One of four days named after Norse gods and the last in this little series I've been doing, Tuesday perhaps has the least obvious etymology of the lot. It's named in honor of the deity Tiw, a war god of sorts who was infamous in mythology for losing a hand to the wolf Fenris. Now, in Middle English, Tuesday was spelled Tewesday, and in Old English, it took the form of tiwesdæg. Here we can separate the dæg (meaning "day", of course), and then it gets interesting. As we go further back in history, Tiw in all his forms and spellings gets more powerful, eventually being associated with the Roman god Mars and getting worshipped as a lord of the sky. Again with the crossover god thing we've seen several times now. In Proto-Germanic, he took the form of Tiwaz, and in Proto-Indo-European as deywos, meaning "god". Dæg comes from Proto-Germanic dagaz, from PIE deg, meaning "to burn". And that concludes the etymology of weekdays!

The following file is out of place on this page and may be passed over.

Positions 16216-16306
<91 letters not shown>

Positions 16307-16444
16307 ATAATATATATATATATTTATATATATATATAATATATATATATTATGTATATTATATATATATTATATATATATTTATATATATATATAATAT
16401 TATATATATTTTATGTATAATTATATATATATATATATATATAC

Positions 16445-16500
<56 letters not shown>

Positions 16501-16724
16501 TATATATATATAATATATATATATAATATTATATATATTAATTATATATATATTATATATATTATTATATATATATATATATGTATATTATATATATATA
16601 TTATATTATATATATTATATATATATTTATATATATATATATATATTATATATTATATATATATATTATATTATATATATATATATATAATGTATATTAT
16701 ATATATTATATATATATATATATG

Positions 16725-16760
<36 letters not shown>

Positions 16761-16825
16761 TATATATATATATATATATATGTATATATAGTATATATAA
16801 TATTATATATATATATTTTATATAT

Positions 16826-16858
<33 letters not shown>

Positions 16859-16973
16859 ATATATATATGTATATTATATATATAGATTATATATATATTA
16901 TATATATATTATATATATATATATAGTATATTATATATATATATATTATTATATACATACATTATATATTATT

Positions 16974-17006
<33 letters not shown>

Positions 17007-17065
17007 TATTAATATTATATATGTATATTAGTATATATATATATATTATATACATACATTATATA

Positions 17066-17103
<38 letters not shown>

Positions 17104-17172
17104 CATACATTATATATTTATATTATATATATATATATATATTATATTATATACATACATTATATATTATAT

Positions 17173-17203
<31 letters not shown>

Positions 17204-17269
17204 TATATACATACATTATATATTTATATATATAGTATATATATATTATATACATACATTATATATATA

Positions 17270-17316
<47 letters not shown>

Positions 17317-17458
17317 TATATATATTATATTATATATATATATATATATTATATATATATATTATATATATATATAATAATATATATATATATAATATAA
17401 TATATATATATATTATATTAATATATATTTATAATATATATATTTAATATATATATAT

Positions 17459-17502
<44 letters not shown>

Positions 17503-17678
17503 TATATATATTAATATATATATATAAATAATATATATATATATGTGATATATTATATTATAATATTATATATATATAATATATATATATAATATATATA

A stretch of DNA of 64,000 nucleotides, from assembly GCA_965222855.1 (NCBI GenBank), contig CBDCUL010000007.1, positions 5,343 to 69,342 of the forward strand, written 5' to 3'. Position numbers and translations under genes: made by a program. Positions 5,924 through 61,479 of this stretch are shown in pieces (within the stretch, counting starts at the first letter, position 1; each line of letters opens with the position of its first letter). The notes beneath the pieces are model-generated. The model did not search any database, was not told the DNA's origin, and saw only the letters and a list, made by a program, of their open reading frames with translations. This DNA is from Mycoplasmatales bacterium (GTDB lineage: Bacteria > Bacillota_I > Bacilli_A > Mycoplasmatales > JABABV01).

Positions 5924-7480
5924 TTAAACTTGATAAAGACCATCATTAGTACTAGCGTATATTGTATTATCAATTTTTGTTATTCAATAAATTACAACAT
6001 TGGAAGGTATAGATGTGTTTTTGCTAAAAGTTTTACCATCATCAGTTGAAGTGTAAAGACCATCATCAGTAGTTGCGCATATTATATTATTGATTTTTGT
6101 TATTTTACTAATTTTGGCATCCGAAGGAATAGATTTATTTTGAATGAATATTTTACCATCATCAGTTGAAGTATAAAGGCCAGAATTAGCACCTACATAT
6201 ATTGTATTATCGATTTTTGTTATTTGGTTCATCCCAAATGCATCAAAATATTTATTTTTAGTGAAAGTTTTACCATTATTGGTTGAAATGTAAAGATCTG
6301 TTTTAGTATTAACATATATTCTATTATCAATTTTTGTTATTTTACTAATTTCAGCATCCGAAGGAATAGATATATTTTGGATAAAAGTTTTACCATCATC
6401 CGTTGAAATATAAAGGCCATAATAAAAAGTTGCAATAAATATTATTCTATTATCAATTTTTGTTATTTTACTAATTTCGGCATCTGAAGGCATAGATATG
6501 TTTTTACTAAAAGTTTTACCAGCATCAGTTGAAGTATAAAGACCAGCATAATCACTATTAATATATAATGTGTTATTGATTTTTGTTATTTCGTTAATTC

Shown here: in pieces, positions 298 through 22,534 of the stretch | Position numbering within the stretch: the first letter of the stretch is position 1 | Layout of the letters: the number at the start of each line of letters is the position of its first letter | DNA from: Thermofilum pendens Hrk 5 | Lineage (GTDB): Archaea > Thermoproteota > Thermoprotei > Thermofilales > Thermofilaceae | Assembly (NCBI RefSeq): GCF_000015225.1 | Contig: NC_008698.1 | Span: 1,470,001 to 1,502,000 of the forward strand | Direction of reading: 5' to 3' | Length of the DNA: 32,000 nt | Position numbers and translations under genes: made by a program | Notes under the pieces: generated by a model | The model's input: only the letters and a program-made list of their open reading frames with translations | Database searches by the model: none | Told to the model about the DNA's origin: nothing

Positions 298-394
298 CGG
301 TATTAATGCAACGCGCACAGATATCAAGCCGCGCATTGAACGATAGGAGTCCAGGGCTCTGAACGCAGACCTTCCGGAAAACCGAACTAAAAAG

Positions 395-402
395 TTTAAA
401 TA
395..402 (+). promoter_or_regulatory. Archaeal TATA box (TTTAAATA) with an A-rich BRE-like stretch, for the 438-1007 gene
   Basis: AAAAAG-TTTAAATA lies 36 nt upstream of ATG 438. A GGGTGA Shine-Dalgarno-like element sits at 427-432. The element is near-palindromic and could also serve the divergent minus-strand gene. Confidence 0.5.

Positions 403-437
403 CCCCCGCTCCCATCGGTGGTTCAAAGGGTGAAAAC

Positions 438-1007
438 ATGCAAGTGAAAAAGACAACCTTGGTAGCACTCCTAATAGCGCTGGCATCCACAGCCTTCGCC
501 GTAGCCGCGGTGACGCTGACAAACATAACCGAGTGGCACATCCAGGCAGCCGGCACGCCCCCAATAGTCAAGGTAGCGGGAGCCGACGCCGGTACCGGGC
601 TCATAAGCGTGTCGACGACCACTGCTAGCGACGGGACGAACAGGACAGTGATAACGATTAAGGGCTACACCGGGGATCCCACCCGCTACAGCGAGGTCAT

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Hello! I'm Adam Aleksic. This year, I graduated from Harvard University with a degree in Government and Linguistics. There, I co-founded the Harvard Undergraduate Linguistics Society and wrote a thesis on Serbo-Croatian language policy, magna cum laude. In addition to etymology, I also really enjoy trivia, politics, vexillology, geography, board games, conlanging, art history, and law.